Ramchand et. al. (2012) also found that a majority (54%) of Chaplains and Chaplain’s Assistants had received some kind of mental health training, but that they their suicide prevention knowledge was lacking and had difficulty intervening because of the stigma of mental health treatment.

Means Restriction

Counselling on access to lethal means (CALM) is one approach that has been proven to reduce suicide rates in the civilian population. CALM refers to the techniques used to limit or disable access to suicide plans, such as removing firearms from the home or locking up prescription medication that a person could use to suicide with.

Hoyt & Duffy (2015) provide a number of approaches for limiting means, including providing space on base for a soldier’s private weapons during a suicidal crisis, emphasize weapon safety (e.g. locking up of firearms) to reduce impulsive use, and engaging the entire chain of command on when means restriction is necessary.

Post Traumatic Stress Disorder

Much has been made of the influence of post-traumatic stress disorder on the suicide rate. Research indicates that both PTSD and traumatic brain injury independently increase the suicide rate. (Barnes, Walter & Chard, 2012) however virtually all mental health issues increase the suicide rate (Harris & Barraclough, 1997) with depression being more important than PTSD in the suicide rate.

Interventions to Reduce Military Suicide

Zamorski (2011) reviews a variety of interventions that have shown evidence or potential in reducing suicide risk in soldiers, though from a Canadian context. Some of these are listed below:

  • Treatment of underlying mental health issues
  • Screening for depression
  • Training of gatekeepers to ask about suicide
  • Systematic followup for suicide attempters and high risk patients
  • Counselling and restriction of access to lethal means
  • Resilience training
  • Systematic monitoring and quality improvement of mental health

Zamorski notes Knox et. al.’s (2003) study of a comprehensive suicide prevention program that included many of the above interventions. Over a 6 year span, the suicide rate declined 33% as a result of the implementation of these techniques.


Alexander, C.L., Reger, M.A., Smolenski, D.J. & Fullerton, N.R. (2014) Comparing U.S. Army Suicide Cases to a Control Sample: Initial Data and Methodological Lessons. Military Medicine. 179. 10:1062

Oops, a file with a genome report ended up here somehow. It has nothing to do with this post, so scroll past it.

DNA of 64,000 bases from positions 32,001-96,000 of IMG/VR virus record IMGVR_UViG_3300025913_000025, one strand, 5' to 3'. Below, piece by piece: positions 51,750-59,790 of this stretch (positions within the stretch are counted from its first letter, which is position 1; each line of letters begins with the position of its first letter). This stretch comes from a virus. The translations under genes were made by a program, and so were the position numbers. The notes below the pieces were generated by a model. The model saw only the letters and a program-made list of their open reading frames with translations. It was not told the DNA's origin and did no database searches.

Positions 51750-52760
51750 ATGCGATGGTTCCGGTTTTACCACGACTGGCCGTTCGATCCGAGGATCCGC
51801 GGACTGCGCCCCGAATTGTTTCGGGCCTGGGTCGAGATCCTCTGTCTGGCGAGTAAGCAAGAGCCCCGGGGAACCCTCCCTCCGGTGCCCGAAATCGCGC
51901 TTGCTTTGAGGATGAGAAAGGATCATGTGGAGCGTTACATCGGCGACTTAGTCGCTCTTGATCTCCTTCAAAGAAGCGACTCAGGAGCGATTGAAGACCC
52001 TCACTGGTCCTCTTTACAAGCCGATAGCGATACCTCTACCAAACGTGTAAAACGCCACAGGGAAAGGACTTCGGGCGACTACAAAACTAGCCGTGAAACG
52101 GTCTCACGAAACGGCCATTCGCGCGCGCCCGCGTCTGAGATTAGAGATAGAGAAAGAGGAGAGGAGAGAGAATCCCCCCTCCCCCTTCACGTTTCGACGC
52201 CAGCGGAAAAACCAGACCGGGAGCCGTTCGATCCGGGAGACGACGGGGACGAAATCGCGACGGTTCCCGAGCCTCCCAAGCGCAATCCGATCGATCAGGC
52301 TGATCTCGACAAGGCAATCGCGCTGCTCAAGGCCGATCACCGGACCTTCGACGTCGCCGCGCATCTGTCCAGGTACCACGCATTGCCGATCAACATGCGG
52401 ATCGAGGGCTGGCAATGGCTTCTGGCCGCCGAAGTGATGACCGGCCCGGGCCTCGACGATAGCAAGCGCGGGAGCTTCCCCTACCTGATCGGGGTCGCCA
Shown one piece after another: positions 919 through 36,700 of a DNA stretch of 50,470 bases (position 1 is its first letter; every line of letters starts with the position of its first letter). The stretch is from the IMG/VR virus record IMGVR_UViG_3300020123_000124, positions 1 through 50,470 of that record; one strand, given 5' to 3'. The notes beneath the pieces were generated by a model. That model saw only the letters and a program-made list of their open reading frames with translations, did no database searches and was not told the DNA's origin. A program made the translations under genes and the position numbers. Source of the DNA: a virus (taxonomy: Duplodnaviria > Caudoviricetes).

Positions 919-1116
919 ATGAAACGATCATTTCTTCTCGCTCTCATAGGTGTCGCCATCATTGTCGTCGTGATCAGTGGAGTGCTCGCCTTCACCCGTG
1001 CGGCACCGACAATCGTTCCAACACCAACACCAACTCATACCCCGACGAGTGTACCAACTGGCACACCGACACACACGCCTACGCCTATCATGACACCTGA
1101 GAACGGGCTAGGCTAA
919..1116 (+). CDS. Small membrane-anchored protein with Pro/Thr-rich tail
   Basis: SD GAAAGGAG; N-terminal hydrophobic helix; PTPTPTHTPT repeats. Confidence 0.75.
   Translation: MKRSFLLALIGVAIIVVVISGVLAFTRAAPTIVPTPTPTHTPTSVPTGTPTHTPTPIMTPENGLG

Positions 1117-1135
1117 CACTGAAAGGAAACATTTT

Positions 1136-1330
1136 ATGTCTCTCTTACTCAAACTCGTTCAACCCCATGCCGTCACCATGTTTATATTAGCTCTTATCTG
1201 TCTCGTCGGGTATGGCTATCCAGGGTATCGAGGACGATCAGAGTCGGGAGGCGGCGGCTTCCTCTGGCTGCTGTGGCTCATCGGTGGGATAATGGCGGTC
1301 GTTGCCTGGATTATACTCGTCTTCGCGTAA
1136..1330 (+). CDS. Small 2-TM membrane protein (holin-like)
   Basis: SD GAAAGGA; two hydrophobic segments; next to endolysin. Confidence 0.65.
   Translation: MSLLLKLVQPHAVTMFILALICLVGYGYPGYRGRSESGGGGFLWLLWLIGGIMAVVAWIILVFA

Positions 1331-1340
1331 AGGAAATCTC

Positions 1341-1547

Armed Forces Health Surveillance Center. (2012) Deaths by Suicide While on Active Duty, Active and Reserve Components, U.S. Armed Forces, 1998-2011. Medical Surveillance Monthly Report. 19(6)

Barnes, S. M., Walter, K. H., & Chard, K. M. (2012). Does a history of mild traumatic brain injury increase suicide risk in veterans with PTSD?. Rehabilitation Psychology, 57(1), 18-26. doi:10.1037/a0027007

Department of Veteran Affairs. (2012) Suicide Data Report. Kemp, J., Bossarte, R.

Harris, E.C., Barraclough, B. (1997) Suicide as an outcome for mental disorders. A meta-analysis. British Journal of Psychiatry. 170:205-28

Hoyt, T. & Duffy, V. (2015) Implementing Firearms Restriction for Preventing U.S. Army Suicide. Military Psychology. 27(6) 384-390 DOI: 10.1037/mil0000093

Hyman, J., Ireland, R., Frost, L., & Cottrell, L. (2012). Suicide Incidence and Risk Factors in an Active Duty US Military Population. American Journal Of Public Health, 102(S1), S138-S146. doi:10.2105/AJPH.2011.300484

Kaplan, M.S., McFarland, H., Huguet, N. & Newsom, J.T. (2012) Estimating the Risk of Suicide Among US Veterans: How Should We Proceed From Here?. American Journal of Public Health. 102(S1)

Knox, K.L., Litts, D.A., Talcott, G.W., Feig, J.C. & Caine, E.D. (2003). Risk of suicide and related adverse outcomes after exposure to a suicide prevention programme in the US Air Force: Cohort study. British Medical Journal, 327, 1376.

Pilkington, E. (2012) “US military struggling to stop suicide epidemic among war veterans”. The Guardian. Accessed electronically on Dec 27 2015 from

Ramchand, R., Ayer, L., Geyer, L., & Kofner A. (2015) Army Chaplains’ Perceptions About Identifying, Intervening, and Referring Soldiers at Risk of Suicide. Spirituality in Clinical Practice. 2(1) 36-47

United States Marine Corps. (2000) MCRP611C Combat Stress. Accessed electronically on Dec 27 2015 from

Van Orden, K.A., Witte, T.K., Cukrowicz, K.C., Braithwaite, S., Selby, E.A., & Joiner, T.E. (2010) The Interpersonal Theory of Suicide. Psychology Review. 117(2)575-600 doi: 10.1037/a0018697

Zamorski, M.A. (2011) Suicide prevention in military organizations. International Review of Psychiatry. (23)173-180

Zeiger, H. (2009) Why Does the U.S. Military Have Chaplains?. Pepperdine Policy Review. Accessed electronically on Dec 27 2015 from

Cite this article as: MacDonald, D.K., (2016), "Suicide Prevention in the US Military," retrieved on July 23, 2019 from